The Data Protection Act 1998 will not prevent a landlord from releasing personal information where they have a legal obligation to do so. For example, under the Landlord and Tenant Acts landlords may have to provide an unedited copy of the service charge account to a tenant if he or she asks for it. If so, the landlord will have to comply with the request even if it means revealing information about other tenants.
Can a landlord pass the names of new tenants to the utility companies?
Yes. A landlord has a legitimate interest in making sure that utility charges are directed to those responsible. However, landlords should tell individuals when they first agree to the tenancy that their details will be passed on.
Can landlords see references which were provided to the letting agents?
The agent can pass this information to the landlord, as long as, when the reference is asked for, they make clear to the tenant and the referee that this will happen.
Can landlords put up a list of tenants who are in arrears?
No. Information about an individual’s debts should only be given out in limited circumstances. It is only justifiable to tell tenants if someone has not paid their rent if this has a direct effect on them, for example, if they become legally responsible to help meet any shortfall in shared maintenance charges.
Can landlords disclose details of a tenant who left without paying the rent?
Where a tenant leaves without paying the rent, and without making any arrangement to pay, landlords may provide their details to a tracing agent or debt collection company to help them recover money owed to them. However, it would be good practice to make tenants aware when they sign the tenancy agreement that in such circumstances this will happen. This may also help tenants think twice about not paying rent.
Can a landlord pass forwarding addresses of former tenants to the utility companies?
Yes. Sometimes a landlord will become aware that a tenant has moved leaving behind an unpaid utility bill or an account in credit. In addition a utility provider may need to contact a former tenant regarding continuing social support. In these circumstances landlords can pass a forwarding address (where known) to the utility companies as the Act is not intended to be an obstacle to disclosure in these situations. However, landlords must make tenants aware of these possible disclosures at the start of the tenancy.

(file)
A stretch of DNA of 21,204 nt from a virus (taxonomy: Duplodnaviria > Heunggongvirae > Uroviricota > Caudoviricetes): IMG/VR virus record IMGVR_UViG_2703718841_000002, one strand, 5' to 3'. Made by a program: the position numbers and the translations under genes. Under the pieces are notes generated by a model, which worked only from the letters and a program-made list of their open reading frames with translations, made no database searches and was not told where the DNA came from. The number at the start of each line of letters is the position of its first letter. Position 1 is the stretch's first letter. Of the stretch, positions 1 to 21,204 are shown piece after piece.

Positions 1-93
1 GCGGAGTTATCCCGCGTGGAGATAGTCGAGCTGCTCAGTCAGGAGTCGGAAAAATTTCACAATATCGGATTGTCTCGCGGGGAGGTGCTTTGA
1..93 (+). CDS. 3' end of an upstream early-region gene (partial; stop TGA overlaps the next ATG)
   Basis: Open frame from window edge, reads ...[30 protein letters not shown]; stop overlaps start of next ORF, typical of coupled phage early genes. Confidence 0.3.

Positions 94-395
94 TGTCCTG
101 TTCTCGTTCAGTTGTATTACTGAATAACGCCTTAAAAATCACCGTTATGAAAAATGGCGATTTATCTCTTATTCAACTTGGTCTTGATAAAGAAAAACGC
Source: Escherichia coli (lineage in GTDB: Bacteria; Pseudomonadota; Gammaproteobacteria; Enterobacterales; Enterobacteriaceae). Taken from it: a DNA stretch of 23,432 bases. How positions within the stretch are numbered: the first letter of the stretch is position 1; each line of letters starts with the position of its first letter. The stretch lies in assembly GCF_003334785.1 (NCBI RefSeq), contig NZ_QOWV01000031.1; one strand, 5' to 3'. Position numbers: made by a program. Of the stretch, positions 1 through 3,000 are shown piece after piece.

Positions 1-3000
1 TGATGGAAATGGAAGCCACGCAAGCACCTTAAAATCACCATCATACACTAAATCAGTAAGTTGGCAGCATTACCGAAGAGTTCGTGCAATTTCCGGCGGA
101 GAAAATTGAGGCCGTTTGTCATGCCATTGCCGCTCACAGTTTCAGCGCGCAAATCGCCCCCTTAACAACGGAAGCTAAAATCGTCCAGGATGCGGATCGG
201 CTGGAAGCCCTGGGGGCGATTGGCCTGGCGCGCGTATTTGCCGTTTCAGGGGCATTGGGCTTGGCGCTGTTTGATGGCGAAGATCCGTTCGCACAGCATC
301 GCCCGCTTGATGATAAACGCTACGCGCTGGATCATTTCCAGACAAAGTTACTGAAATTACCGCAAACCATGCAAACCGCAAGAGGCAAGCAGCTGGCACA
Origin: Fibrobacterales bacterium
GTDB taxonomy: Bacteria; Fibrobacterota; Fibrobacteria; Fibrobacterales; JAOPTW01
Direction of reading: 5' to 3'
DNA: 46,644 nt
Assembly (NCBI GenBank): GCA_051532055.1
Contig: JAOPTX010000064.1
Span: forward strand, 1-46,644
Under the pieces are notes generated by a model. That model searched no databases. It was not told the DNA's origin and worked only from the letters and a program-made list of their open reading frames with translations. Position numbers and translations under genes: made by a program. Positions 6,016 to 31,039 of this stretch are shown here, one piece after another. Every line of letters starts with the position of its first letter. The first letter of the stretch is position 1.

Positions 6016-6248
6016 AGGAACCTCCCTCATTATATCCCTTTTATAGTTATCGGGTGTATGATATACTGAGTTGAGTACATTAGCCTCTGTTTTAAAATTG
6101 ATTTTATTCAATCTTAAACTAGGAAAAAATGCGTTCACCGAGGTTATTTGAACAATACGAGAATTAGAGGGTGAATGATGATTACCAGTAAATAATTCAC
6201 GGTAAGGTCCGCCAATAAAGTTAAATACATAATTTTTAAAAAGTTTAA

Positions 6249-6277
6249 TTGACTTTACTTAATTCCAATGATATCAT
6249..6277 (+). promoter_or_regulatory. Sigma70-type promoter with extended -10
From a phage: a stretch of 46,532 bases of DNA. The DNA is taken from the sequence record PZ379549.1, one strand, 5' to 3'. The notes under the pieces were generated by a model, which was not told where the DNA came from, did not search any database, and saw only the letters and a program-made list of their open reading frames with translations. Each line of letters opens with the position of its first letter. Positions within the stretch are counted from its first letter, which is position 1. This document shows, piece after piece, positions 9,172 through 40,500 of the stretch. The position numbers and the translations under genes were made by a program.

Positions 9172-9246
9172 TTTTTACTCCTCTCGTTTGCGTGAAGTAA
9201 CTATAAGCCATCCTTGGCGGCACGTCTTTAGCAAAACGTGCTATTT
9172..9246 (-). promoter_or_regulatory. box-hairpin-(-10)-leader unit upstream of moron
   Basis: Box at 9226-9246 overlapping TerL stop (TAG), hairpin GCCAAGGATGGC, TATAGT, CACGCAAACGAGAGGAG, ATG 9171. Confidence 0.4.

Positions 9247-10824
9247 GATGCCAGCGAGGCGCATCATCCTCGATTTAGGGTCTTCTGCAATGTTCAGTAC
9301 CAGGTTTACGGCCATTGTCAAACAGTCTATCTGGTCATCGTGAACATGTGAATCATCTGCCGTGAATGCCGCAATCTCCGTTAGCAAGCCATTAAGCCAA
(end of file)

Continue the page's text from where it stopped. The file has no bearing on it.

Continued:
When can a landlord give out information?
In general, landlords should make clear to tenants when they sign the tenancy when and how their information will be given out. However, if an emergency repair needs to be carried out, it would not breach the Act to go ahead and provide tenants’ contact details to the repairers. On the other hand, if a domestic contractor is looking for work the tenants should be left to contact the contractor rather than the landlord giving out the tenants’ details without their knowledge or agreement.
Can a landlord use CCTV in communal areas?
Yes, usually they will need to make you aware of this and explain why they have installed the cameras.
10:21 AM, 23rd August 2017, About 6 years ago
The RLA guidance says
"The best way of ensuring that you comply with your obligations where you pass data onto a third party regarding a tenant (or any resident in the property) is to obtain their written consent. Consent must be freely given and needs to be fully informed. This is why it is also important to provide a privacy notice because it explains what you do with the data which you collect. For example, if you share data with others such as local authority and utility companies you should get your tenant’s consent to do so.
Likewise, if you need to obtain information about your tenants/residents from others, then you can ask tenants/residents to give their consent to this being done.
When you obtain the consent you should obtain a separate signature or other confirmation (such as a tick box). You must not rely simply on including a clause in your tenancy agreement. Data protection consents need to be signed for separately."
10:40 AM, 23rd August 2017, About 6 years ago
There are letting agents signs on property walls in a few streets in Liverpool saying that a "Rent Dodger" lives inside.
I think the tenants view it as a badge of honour.
Those landlords must have cast iron dingle berries.
Does that breach data protection? (Not the dingle berries bit)
16:35 PM, 23rd August 2017, About 6 years ago
I think that's fine as it doesn't identify an individual. If it said "John Smith, Rent Dodger, lives here" then that wouldn't be OK.
11:00 AM, 24th August 2017, About 6 years ago
I would suggest a "Rent Roger" sign could be viewed by a tenant or a judge as harassment. Even if there is no name it is obvious as to where it is directed. Not a good idea in my book.
10:00 AM, 25th August 2017, About 6 years ago
If they have sent you a formal notice under the council tax regulations then you are safe to provide the information.
In fact, you are obligated to provide the information or you will face a penalty that starts at £70.